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This week we open with Syd Martin library selections, six new books, two periodicals, an obituary, and a new numismatic exhibit at the Smithsonian.
Other topics this week include Barnaby Faull, Noonans, the NNP Symposium, the Civil War Showcase, notes from readers, auction reviews, coins of medieval Serbia, and the first coins struck from California gold.
To learn more about the Peter Gschwend collection, Half Cents, Indian Peace Medals, the coins of Nepal, Swedish Plate Money, the Hansen collection, Woman's Relief Corps medals, impressed errors, the Anguilla Liberty Dollar, the Congress of the C. S. A. medal, Royal Maundy coins, and Sotheby's, read on. Have a great week, everyone!
Editor, The E-Sylum
Here are some more selections from the numismatic library of researcher and author Syd Martin, being sold by Kolbe & Fanning at the end of the month. -Editor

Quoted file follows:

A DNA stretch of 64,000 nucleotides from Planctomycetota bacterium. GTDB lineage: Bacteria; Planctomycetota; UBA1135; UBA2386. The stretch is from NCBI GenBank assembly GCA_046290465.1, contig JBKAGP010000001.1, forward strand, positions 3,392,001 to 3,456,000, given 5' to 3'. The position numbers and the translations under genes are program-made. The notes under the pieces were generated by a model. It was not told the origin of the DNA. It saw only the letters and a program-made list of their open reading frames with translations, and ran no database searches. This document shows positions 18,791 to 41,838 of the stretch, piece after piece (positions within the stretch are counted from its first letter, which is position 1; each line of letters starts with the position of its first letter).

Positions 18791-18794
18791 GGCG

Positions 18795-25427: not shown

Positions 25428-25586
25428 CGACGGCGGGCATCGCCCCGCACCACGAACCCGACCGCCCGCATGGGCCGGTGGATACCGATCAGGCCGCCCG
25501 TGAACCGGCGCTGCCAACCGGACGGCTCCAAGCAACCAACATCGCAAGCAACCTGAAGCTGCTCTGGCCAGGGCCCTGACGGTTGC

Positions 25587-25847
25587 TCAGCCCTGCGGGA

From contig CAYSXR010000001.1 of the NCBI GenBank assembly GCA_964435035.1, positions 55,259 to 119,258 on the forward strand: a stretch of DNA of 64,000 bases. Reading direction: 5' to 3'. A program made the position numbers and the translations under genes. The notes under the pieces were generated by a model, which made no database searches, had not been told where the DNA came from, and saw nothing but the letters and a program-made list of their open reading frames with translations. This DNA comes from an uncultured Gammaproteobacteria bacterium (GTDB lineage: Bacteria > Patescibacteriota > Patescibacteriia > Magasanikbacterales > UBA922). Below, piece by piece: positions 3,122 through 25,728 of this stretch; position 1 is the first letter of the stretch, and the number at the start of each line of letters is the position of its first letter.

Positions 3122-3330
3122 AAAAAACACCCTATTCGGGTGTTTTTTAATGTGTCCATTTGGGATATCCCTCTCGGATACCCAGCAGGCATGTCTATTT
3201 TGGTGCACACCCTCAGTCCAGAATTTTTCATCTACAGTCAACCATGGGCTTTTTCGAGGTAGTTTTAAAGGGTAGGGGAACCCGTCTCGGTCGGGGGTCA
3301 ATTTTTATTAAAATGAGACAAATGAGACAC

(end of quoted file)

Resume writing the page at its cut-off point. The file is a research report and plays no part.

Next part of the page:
On April 30, 2022, Kolbe & Fanning Numismatic Booksellers will be selling the outstanding library formed by Sydney F. Martin. The Martin Library is one of the finest formed on the subject of early American coinage, and includes many titles on related areas of European numismatics as well. We are honored to have been asked to sell the library at auction, having worked closely with Syd as he built it.
Some highlights of the sale include:
Since our last article author Ed Fuhrman has published two more volumes in his series on U.S. half cents. -Editor
Vol 2: The Half Cent Handbook - Classic Head and Braided Hair Varieties
Vol 3: The Half Cent Handbook - Liberty Cap Varieties 1793-1797
A new book on Indian Peace Medals has been published. -Editor
Indian Peace Medals and Other Medals at the Denver Museum of Nature and Science, DMNS Annals Journal, No. 9, March 25, 2022, by Lawrence J. Lee and Stephen E. Nash.
This report from Kathmandu discusses a new book on the Malla era coins Of Nepal. -Editor
The newly-published book attempts to cover the medieval & the Malla history of about 900 years. A simple presentation of coins with various artifacts and its cultural, religious themes, scripts, yantras, years, dates etc are included in the book.
"I believe that this book will be especially useful and enlightening for all the readers interested in history as well as all the collectors of the Malla period coins," Shrestha said.
Recently published is
Money and Empire: coin influence and change from a world perspective.